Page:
Playing with fire is just another way for Bob Lamm and Mike Blomberg to express themselves

Words by Turner Olson
Video and Photos by Brooke Haesemeyer

Poi is a Maori word meaning “ball on a string.” Maori warriors originally used poi as a form of exercise to train for battle or hunting. Eventually, poi was used as a form of storytelling and dance.

Fire dancers Bob Lamm and Mike Blomberg

The art of dipping poi balls into fuel and lighting them on fire did not begin until the mid-20th century, as a progression of the Samoan fire .

Fast forward to today and poi is considered an art form. Bob Lamm and Mike Blomberg are fire dancers based in Minneapolis, Minnesota.

“Nunchucks was something I was doing beforehand, and when I started it on fire it was something to avoid at the edges,” Lamm said, “After a while I got more comfortable with it. Now it’s to the point where I get burned more when I’m cooking.”

It was during the period from the mid-1990’s to early 2000 that fire dancing exploded in North America. Before then, it had been associated with little-known ethnic traditions and the circus.

Performances are held at places such as rock concerts raves, night clubs, beach parties, camping festivals and cabarets. Interest and knowledge have been disseminated by the internet.

Lamm and Blomberg said the Midwest offers the perfect conditions to practice their craft.

“The seasons in the Midwest mean that different aesthetics can apply to the fire,” Blomberg said.

Devan Bean, for Chicago’s Full Moon Jam, thinks the community is close because it takes a very specific mindset to dance with fire.

“In order to light things on fire in the first place, one must be somewhat bold, curious, creative and active. It takes motivation, courage and curiosity to learn the motions necessary to spin safely,” Bean said.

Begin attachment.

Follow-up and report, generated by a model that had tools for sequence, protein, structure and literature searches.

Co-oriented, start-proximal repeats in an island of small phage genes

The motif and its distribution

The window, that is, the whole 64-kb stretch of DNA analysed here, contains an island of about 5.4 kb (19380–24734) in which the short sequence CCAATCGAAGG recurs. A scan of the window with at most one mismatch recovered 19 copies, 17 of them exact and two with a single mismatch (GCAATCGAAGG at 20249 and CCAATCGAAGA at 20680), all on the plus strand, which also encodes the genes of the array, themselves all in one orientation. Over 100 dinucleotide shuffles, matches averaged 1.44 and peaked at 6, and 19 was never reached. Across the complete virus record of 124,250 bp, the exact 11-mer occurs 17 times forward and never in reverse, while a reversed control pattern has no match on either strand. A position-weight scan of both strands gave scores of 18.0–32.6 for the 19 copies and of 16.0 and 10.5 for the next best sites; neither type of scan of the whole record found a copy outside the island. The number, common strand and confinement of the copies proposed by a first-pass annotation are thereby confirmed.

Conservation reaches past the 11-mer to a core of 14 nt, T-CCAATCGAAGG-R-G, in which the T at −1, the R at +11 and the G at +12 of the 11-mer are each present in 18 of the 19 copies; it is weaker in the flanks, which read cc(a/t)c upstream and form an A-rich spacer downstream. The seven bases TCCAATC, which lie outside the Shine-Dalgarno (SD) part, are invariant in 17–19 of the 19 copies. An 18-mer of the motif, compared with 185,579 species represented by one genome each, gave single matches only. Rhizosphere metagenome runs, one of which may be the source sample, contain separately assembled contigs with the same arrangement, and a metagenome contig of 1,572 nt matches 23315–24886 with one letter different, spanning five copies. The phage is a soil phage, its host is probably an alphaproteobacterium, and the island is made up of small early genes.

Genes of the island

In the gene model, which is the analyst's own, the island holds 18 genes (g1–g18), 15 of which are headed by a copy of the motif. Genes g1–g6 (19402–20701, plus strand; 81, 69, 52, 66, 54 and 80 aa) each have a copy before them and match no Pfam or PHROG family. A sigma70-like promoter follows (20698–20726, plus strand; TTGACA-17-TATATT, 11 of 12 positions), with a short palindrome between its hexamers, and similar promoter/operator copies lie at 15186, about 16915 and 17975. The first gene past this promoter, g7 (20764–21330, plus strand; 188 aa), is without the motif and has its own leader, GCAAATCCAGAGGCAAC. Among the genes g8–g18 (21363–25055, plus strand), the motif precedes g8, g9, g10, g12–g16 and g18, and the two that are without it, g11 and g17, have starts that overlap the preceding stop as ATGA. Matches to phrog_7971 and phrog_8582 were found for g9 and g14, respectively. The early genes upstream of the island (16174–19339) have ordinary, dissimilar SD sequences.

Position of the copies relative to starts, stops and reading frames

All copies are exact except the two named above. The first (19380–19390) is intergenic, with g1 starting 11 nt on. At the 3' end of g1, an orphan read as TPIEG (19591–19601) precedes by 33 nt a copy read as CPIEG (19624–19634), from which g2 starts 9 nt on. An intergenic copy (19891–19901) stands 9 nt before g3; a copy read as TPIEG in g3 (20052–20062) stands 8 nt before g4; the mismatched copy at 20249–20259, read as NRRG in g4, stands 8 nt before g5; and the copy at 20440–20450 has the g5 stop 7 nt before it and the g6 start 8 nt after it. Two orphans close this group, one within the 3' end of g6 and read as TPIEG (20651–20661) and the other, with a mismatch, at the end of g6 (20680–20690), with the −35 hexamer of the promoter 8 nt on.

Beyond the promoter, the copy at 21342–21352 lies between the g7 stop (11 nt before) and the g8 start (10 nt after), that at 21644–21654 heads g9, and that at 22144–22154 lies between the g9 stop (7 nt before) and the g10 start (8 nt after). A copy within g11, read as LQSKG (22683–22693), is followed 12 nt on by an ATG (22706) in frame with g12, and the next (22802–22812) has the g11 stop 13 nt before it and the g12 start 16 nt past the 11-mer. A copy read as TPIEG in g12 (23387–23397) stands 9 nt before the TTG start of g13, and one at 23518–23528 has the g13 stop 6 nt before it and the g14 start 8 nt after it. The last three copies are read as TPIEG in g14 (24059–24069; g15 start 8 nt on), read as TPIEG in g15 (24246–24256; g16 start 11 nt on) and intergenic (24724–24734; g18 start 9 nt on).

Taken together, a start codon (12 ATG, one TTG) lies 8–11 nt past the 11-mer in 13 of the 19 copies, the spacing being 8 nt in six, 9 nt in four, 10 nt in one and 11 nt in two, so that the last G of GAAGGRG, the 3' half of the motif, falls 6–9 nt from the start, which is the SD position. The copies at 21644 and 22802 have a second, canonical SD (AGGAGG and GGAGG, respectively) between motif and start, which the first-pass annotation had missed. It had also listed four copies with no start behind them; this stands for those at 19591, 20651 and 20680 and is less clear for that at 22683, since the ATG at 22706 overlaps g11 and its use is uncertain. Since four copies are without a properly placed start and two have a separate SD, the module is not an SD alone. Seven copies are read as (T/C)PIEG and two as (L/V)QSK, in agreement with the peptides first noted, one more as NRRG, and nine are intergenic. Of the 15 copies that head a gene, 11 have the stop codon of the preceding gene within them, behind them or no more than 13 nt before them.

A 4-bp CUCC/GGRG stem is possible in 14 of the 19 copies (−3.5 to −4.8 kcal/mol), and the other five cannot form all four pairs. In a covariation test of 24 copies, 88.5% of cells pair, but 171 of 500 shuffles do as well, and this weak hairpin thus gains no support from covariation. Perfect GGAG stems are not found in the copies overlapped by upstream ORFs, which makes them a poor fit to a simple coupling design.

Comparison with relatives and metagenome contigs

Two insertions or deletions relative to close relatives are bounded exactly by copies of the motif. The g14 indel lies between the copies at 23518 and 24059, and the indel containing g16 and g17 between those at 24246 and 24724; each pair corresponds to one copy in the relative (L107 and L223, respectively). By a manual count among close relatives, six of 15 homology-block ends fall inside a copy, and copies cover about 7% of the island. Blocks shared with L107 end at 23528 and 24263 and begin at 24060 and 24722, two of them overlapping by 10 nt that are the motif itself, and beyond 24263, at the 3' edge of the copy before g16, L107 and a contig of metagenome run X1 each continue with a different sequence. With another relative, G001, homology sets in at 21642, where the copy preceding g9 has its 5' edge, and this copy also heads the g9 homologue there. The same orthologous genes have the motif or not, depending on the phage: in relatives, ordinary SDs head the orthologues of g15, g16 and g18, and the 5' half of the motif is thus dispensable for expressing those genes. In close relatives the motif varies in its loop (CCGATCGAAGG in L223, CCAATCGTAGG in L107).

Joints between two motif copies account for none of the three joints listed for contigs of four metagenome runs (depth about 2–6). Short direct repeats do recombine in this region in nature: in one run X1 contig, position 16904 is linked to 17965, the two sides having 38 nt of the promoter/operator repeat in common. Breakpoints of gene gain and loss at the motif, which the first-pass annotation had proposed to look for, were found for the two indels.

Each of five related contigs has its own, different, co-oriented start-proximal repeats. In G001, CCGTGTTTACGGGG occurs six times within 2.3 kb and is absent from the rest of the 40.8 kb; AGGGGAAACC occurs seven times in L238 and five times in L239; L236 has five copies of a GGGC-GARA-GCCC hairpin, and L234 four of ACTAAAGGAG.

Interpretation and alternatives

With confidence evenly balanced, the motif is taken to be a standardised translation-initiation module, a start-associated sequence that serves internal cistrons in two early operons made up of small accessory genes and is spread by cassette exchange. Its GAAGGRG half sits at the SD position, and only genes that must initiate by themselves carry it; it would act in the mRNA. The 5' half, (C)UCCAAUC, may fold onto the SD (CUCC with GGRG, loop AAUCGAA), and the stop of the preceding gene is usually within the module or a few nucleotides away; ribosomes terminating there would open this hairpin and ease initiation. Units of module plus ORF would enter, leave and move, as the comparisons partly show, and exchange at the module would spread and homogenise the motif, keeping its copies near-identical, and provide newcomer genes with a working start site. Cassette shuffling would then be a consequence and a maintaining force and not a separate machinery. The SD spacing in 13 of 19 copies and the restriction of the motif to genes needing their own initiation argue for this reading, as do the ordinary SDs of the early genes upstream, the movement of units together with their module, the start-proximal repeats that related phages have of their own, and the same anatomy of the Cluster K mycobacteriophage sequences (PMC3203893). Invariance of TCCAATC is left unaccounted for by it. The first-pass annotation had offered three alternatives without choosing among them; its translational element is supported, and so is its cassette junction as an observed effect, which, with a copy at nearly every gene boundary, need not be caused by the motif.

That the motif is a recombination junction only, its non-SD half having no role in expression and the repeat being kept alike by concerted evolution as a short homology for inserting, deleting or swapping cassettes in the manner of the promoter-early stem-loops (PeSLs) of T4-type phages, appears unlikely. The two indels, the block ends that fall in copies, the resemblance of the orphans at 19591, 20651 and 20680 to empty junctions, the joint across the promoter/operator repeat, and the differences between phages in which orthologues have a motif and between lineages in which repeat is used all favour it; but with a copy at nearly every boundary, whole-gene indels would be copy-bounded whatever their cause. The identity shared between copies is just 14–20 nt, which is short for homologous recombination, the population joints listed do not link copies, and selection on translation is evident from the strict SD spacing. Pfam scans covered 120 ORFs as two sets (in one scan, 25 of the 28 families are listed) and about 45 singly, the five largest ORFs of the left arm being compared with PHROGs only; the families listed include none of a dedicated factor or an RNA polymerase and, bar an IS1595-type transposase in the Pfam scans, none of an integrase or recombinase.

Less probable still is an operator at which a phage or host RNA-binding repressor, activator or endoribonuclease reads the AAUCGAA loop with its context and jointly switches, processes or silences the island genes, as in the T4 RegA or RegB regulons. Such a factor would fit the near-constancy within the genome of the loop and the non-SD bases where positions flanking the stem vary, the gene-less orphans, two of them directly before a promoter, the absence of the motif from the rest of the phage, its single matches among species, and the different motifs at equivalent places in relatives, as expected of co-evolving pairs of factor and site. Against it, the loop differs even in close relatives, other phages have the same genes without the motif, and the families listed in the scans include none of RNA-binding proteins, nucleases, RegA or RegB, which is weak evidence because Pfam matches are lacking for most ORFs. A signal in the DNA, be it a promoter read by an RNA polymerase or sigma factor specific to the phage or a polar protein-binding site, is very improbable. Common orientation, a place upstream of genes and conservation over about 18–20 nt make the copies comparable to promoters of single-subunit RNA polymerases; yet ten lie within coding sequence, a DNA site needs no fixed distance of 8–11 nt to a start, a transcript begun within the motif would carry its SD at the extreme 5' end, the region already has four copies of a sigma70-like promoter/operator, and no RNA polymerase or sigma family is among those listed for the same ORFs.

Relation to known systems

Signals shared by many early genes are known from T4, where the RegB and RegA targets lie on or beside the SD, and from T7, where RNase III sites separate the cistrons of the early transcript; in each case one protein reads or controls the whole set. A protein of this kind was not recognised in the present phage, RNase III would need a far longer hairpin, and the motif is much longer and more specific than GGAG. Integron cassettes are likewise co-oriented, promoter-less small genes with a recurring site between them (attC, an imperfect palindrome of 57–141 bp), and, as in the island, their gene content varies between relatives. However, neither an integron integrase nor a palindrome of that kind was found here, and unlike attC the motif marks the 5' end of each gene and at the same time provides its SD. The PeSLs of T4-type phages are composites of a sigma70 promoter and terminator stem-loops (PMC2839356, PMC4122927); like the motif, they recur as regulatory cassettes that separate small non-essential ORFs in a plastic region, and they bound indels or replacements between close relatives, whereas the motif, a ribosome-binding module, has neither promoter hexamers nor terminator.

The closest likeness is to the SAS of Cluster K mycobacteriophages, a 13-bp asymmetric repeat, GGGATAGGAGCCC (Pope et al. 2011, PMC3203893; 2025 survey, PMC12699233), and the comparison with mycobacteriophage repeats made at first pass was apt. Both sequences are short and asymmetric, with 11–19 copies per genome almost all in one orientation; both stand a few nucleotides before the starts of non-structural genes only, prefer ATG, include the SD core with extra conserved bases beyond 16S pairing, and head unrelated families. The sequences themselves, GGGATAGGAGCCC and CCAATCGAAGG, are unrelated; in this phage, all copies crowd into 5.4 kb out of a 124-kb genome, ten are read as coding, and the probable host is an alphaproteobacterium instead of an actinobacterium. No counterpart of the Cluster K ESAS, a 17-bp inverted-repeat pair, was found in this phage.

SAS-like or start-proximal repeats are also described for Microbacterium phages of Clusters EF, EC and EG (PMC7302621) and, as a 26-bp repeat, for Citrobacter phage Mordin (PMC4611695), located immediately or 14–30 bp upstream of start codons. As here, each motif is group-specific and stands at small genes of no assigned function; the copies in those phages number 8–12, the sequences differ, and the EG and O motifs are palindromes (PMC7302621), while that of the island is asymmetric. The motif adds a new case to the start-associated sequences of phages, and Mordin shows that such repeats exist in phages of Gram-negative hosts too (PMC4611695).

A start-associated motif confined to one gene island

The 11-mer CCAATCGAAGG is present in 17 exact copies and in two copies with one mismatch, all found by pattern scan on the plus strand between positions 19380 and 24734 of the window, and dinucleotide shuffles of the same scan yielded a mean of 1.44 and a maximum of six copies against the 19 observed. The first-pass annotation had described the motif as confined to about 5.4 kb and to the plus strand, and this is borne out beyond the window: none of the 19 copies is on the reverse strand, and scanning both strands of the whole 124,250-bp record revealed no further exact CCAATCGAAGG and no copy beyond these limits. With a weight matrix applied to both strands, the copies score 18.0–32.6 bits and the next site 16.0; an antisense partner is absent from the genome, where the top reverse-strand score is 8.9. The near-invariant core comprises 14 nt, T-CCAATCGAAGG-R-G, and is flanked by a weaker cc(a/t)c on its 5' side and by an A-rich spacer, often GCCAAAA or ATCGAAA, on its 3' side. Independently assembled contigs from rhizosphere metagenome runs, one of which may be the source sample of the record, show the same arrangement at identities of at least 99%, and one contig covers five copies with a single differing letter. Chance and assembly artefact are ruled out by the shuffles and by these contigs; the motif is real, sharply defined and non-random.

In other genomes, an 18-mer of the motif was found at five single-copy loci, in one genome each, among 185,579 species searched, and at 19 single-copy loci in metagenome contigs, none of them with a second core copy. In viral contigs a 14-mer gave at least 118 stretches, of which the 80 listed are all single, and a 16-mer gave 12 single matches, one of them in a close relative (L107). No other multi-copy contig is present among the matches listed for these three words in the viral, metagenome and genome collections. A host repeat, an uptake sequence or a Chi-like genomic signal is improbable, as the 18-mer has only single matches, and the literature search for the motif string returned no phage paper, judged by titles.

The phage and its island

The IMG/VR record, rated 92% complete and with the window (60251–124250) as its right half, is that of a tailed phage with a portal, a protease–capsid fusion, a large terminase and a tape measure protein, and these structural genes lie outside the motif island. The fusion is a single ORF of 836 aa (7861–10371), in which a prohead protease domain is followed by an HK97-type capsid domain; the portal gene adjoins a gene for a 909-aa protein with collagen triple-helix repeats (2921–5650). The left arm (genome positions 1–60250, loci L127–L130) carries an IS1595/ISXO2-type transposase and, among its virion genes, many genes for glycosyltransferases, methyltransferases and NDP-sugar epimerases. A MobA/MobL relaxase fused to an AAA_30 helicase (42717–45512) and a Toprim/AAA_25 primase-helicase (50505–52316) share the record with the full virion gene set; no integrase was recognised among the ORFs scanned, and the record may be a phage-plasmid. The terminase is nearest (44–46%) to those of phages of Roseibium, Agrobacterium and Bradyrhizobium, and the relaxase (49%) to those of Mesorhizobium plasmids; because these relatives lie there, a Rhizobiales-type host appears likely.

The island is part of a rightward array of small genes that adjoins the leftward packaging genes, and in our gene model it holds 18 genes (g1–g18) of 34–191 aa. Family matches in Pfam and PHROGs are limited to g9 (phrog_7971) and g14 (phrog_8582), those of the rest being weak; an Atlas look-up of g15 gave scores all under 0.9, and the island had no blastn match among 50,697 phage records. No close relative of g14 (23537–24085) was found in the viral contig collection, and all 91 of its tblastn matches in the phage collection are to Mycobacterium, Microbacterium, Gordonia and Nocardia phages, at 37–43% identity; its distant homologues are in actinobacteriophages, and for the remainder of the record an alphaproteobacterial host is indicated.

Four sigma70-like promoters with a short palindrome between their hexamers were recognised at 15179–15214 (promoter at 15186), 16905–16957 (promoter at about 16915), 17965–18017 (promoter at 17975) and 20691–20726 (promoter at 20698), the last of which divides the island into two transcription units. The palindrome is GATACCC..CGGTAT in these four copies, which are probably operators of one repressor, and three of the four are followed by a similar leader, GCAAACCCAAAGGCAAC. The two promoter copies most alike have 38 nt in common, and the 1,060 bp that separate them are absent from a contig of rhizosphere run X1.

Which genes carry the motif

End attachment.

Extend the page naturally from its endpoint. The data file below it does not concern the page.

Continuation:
The art form’s popularity is still relatively small, but growing. Those involved in the fire-spinning community say the events create a family-type atmosphere.

“Everybody’s so nice,” Lamm said. “Most people you can walk right up and they’ll let you play with their props.”

The size of the community means it is easier to make an impact. The community has built-in measures against the stealing of other’s work.

“You never have to worry about getting credit for a trick,” Blomberg said. “It’s automatically something that comes up in the first part of the conversation. You say ‘I learned this from so-and-so.’”

In order to get started in fire dancing, there is some basic gear and safety equipment required.

“Generally speaking, for fire, you’ll need your prop, a Duvetyn cloth or damp cotton towel, proper fueling gear including a fuel bucket, secondary fuel container, funnels, a locking gear box, lights, and signs for your fueling area.” said Matt Ferguson, manager of Firetoys in North America .

Bob Lamm spitting fire.

Although you may not have a neighborhood poi store, there are numerous places online to purchase the necessary gear.

Of course, once the gear is acquired, there is still the matter of finding a place to practice fire dancing.

“Most spinners will spin in their backyard or on private property, following the same laws that apply to open flames, such as bonfires and fireworks, but restrictions on open flames can vary between states and counties” Bean said.

Fire spinning is not for everyone, however. It can be very dangerous and requires hours of practice before the prop is even lit on fire.

“Practice with your props until you are super comfortable and solid long before you light up the first time,” said Ferguson, “Have someone more knowledgeable than yourself present the first time you do.”